The Masks We Wear

some musings by Michael Wilson

Every time we turn on our TVs these days, we see people wearing masks. The news is filled with discussions about how we need more masks and other protective kit (PPE) for our healthcare workers. They show people out jogging or shopping or standing about all wearing masks. And without a doubt, those masks that people are using have had an incredibly positive effect in limiting the spread of the Covid-19 virus and have saved many lives.

But all this discussion about masks has set my mind to working in a different direction. Before this pandemic most of us associated masks with Halloween, the pagan festival that gives most of us Christians the willies. October 31st, Halloween night, is when all the little ghosts, ghouls, and goblins come out of their caves once again to shake us down for candy and treats, having no idea of the evil, demonic roots of the festival, nor the significance of much that goes on in the name of “good, clean fun.”

I can still remember back when I was a kid, my friends and I would dress up for Halloween and wear masks to go out Trick-or-Treating. But very often, before the night was over, we would find ourselves doing naughty, malicious, destructive things that we normally would not have done, because the masks gave us a false sense of courage and a feeling of anonymity. The masks veiled our identities and emboldened us to do those wicked things. However, many of us grownups wear masks every day, and that is far more disturbing. Sometimes, adults wear masks because we want to appear more perfect than we really are. But the reality of it is, all of us are so very imperfect. Yet we persist in wearing masks to hide who we really are from others because we fear their disapproval, believing that we must present ourselves in a certain way in order to fit in and be accepted. We are afraid of letting people see the real “us,” so depending on the occasion or circumstance we slip on the appropriate mask to fit the need of the moment. At work we may throw on a mask of authority and power, in order to seem like we are in control of our environment. At home we may put on a mask of “everything is okay,” out of fear that our spouse might worry, or even stop loving us if they find out we have real problems. Some people wear their super-religious masks to conceal the guilt and shame of their secret sins. Sometimes we wear our smiley-face mask to conceal our fear, anger, hurt, worry, or depression.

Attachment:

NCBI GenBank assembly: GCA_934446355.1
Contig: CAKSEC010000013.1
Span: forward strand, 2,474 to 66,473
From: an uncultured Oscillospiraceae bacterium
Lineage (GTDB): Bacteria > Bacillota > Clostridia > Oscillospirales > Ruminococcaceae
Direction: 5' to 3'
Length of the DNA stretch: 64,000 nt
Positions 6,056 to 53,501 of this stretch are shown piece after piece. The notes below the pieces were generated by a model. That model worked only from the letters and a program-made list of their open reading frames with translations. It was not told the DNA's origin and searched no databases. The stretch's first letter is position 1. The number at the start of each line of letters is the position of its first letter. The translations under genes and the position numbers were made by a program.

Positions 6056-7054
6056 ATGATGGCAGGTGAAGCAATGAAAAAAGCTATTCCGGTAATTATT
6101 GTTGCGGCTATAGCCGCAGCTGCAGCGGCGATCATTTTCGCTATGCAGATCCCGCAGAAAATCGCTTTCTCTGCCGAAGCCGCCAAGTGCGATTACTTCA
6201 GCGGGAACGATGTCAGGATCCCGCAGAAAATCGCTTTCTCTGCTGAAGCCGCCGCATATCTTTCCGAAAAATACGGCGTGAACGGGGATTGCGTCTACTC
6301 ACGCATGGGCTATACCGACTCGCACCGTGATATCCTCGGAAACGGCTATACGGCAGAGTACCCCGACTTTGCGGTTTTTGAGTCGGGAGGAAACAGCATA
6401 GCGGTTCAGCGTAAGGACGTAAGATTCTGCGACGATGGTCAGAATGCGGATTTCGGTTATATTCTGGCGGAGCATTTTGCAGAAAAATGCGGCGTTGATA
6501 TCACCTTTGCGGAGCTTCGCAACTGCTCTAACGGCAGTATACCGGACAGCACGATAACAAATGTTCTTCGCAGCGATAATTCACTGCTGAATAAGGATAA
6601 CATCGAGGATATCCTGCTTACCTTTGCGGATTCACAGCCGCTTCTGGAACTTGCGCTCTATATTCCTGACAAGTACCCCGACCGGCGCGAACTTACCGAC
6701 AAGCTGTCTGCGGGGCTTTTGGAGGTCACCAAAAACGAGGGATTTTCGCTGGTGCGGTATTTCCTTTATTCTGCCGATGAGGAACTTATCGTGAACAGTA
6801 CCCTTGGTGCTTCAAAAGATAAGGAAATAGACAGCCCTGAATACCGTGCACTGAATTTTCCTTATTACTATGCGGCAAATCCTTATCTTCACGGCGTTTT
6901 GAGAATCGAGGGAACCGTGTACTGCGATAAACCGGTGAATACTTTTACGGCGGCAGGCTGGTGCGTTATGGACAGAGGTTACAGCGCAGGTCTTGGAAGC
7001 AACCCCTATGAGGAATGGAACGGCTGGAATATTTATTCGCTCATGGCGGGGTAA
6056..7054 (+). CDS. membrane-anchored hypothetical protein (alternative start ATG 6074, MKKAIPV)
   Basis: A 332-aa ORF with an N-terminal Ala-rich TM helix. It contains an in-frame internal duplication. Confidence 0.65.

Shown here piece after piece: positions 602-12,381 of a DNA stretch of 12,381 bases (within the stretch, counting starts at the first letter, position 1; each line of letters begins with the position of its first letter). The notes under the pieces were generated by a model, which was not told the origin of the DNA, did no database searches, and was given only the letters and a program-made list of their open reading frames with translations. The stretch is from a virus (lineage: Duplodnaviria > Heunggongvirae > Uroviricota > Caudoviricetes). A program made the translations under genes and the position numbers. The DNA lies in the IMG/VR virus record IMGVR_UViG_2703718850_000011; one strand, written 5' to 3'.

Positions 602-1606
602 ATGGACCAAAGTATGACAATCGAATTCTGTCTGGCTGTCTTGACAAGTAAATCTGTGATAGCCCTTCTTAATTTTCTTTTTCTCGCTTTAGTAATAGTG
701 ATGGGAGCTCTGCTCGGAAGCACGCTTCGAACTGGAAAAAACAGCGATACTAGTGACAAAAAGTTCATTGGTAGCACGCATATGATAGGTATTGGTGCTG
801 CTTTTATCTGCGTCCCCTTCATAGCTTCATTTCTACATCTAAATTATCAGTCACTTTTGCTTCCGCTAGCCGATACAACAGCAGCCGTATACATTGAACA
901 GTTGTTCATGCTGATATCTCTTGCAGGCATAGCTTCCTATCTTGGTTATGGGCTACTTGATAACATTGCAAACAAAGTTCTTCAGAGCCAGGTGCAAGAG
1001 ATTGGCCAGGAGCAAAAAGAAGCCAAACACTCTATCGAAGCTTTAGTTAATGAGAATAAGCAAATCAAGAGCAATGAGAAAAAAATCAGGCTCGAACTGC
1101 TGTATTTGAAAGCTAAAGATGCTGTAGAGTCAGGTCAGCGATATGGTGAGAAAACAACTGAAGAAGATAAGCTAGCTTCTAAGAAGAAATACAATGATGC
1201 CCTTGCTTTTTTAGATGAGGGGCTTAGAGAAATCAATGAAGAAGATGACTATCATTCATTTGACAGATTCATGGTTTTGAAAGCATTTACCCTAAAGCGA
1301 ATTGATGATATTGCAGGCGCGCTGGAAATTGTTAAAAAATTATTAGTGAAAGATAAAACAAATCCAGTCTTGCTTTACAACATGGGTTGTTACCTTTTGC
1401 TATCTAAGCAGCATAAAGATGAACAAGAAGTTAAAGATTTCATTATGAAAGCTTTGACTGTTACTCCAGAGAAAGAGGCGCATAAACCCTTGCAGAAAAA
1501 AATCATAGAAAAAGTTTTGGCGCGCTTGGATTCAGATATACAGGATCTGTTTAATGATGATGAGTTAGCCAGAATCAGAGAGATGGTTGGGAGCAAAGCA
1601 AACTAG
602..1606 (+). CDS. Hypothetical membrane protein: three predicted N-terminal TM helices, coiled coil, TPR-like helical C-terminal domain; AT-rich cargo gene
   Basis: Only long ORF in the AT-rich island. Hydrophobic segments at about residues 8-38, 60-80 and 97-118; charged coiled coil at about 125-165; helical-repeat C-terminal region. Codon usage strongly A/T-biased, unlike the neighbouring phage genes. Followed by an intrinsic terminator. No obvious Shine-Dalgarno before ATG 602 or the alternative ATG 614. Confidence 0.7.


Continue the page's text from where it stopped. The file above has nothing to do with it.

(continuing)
Even at church some people put on a mask of pious righteousness to try and convince others that they really have their stuff together, when they don’t at all. This is especially sad because church is the place where all our masks should come off and we should be genuine before God and other believers. God’s house is the place where we should be able to bring the ugly sinful things in our life and lay them before our Heavenly Father. We should not be concerned about what others think, but only about what God knows. Yet on and on we go, shuffling our masks on and off from situation to situation. So why do we wear these stupid masks anyway? In a nutshell, we wear masks to conceal things about us that we do not want others to know, because we are afraid of what they will think, say, or do when they find out about us.

But there are some observations I would make about masks:

  • Masks are always uncomfortable because they rub and chafe, just ask our healthcare workers these days.
  • It is extremely lonely behind a mask. Masks force us to keep our distance from others. They prevent us from opening ourselves up and having meaningful relationships with one another.
  • Other people are not really fooled by our masks anyway. The only person fooled is the one wearing the mask, but most people can quickly spot a phony.
  • God’s does not even look at our dumb mask. His eyes pierce straight past the mask into our heart.